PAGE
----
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All Articles For The Voice Of Our Fathers

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Our English translation of this article is rather accurate. It might have been improved by placing the words, “together with the command to repent and believe,” in closer connection with the words “ought to be declared and published,” as the Dutch translation has them. And also the Dutch terms “verkondigd en voorgesteld” are more accurate than our English “declared and published” as a translation of the Latin annunciari et proponi. There is no inaccuracy, however, that fundamentally affects the meaning of the article. 

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The second class of Christians which the article mentions may be called the class of the “imperfect believers.” They are characterized by the following: 1) They seriously desire to be turned to God, and to please Him only. (The Dutch has here: “They earnestly desire to convert themselves to God.” It makes no essential difference, however. 2) They earnestly desire to be delivered from the body of death. And, 3) They cannot yet reach that measure of holiness and faith to which they aspire.

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Article 4. This death derives its infinite value and dignity from these considerations, because the person who submitted to it was not only really man, and perfectly holy, but also the only begotten Son of God, of the same eternal and infinite essence with the Father and the Holy Spirit, which qualifications were necessary to constitute him a Savior for us; and because it was attended with a sense of the wrath and curse of God due to us for sin. 

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The Great Synod of Dordrecht, 1618-79, played an important role in the history of our Belgic Confession. To it, in fact, must be credited the fact that we have this confession today in its present form and that it has achieved an important position among Reformed creeds. Usually we connect only our Canons with the Synod of Dordrecht. And indeed, the Canons were the most important accomplishment of the Synod. But they were not by any means the only accomplishment. This Synod occupied itself with many other matters.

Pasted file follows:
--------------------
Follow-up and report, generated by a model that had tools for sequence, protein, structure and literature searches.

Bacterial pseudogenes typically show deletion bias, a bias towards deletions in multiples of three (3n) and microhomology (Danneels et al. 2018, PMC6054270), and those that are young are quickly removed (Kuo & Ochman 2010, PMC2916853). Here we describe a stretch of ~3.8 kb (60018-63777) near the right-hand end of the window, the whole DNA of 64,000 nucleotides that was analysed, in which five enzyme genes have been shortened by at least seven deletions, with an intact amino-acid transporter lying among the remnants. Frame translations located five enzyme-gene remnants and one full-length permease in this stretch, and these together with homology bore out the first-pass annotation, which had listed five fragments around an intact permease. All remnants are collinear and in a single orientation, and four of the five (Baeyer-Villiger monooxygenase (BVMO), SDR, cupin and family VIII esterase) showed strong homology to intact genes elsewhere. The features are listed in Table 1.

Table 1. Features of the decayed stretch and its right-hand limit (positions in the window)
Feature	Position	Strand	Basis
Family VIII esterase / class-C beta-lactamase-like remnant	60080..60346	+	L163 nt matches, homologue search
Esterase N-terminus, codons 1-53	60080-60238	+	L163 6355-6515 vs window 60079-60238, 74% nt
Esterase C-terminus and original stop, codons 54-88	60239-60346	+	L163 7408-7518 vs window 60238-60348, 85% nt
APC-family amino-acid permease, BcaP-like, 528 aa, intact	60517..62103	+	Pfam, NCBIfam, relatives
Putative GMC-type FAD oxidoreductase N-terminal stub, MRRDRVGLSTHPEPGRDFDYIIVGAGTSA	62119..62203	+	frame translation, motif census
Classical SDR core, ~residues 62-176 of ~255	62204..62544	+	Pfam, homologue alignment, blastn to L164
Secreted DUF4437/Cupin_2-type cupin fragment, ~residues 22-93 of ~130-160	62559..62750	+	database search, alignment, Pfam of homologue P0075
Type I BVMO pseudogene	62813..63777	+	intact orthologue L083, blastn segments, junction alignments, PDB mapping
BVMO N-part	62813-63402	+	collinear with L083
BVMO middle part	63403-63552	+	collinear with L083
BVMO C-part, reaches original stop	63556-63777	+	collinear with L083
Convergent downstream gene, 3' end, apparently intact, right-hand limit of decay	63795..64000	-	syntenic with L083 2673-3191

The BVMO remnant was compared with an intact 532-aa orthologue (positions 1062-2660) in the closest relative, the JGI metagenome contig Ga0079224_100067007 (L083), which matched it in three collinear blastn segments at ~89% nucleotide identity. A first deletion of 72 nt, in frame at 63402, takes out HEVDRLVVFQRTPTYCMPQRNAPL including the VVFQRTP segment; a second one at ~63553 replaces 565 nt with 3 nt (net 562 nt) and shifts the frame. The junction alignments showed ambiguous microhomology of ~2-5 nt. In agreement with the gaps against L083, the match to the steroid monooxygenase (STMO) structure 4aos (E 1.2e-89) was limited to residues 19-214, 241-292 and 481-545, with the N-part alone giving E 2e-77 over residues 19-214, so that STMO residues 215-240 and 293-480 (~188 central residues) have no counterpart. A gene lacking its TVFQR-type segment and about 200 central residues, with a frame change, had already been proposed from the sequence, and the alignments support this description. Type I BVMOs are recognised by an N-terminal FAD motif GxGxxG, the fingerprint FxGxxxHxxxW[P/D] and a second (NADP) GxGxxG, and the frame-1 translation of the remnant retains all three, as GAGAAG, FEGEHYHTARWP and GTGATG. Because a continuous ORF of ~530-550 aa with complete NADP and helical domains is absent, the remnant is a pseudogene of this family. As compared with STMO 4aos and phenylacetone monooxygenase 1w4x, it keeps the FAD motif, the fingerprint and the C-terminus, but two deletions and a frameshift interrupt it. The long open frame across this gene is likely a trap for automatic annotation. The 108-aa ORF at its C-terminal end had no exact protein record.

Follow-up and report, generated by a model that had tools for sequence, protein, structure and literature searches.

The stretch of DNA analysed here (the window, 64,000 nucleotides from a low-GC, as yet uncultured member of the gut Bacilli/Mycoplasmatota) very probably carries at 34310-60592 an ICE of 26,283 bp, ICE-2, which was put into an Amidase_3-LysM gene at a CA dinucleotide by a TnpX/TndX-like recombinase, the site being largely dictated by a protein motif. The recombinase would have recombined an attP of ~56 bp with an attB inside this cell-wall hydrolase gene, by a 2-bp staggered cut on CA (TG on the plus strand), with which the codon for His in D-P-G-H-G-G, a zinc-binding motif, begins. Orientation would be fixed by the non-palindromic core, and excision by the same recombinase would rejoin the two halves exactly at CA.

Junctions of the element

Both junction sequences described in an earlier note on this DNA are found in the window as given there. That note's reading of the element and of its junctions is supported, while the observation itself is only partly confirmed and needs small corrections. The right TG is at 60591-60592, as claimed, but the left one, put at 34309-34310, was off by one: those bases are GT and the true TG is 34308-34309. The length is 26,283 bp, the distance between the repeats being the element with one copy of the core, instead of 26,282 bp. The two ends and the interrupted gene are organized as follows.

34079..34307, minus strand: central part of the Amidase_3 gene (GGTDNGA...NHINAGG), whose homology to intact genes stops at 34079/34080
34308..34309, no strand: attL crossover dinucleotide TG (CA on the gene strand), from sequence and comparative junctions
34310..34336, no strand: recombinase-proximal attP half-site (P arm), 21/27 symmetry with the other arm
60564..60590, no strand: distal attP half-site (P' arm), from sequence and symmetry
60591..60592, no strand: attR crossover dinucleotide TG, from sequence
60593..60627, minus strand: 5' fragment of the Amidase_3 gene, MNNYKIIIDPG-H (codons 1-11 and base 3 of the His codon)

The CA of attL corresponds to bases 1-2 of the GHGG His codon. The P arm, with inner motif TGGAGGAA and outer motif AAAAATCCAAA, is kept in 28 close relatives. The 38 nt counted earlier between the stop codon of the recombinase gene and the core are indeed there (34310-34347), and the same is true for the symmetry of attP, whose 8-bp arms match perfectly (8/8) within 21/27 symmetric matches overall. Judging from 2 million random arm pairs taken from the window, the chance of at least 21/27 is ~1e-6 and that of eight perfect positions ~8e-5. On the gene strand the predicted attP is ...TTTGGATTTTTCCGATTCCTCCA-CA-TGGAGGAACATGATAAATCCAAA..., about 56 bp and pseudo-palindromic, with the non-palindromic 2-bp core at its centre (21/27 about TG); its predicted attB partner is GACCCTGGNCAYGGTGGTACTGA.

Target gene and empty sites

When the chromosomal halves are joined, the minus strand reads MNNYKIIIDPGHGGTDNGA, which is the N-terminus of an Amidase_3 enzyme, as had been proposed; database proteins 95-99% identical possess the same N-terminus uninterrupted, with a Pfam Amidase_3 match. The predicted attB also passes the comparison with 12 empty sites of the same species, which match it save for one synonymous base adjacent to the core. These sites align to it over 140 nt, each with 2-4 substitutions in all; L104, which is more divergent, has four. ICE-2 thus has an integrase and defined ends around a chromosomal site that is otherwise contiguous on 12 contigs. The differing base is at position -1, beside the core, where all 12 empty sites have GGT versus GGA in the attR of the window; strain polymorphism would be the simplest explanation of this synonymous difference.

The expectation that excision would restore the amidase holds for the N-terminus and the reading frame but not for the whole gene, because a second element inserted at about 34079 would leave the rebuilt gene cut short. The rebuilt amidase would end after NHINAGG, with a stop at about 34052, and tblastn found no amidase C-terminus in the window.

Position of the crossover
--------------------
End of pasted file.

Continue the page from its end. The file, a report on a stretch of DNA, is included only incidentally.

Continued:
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Most beautifully do the Canons make mention of the Christ in this connection. He is “from eternity appointed the mediator and head of the elect, and the foundation of salvation.” And God, has chosen His people unto “redemption in Christ.” And hence, “this elect number . . . . God hath decreed to give to Christ.” Our election is therefore not to be separated from the election of Christ. He has been from eternity appointed the mediator and head of the elect.

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In connection with this bit of history we must explain, in the second place, the anti-Anabaptist position which this confession so emphatically and openly assumes. We shall not enter in detail into the history of the Anabaptist excesses of this period. Those who are interested may study this history for themselves. But to explain why our confession is so emphatically opposed to the position of the Anabaptists and refers to their errors more than once we must remember, in the first place, that at the time of the Reformation in the Lowlands the Anabaptist movement also made its appearance.

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(Note: At its last annual meeting the staff decided that the undersigned should continue with this rubric and treat our Belgic Confession, sometimes called The Netherlands Confession, or simply The Confession of Faith. There was an earlier treatment of this creed beginning in Volume VII of The Standard Bearer. However, this was in the Holland language; and besides, it was very brief. It is, therefore, surely not amiss that this important and precious Reformed document be studied anew.

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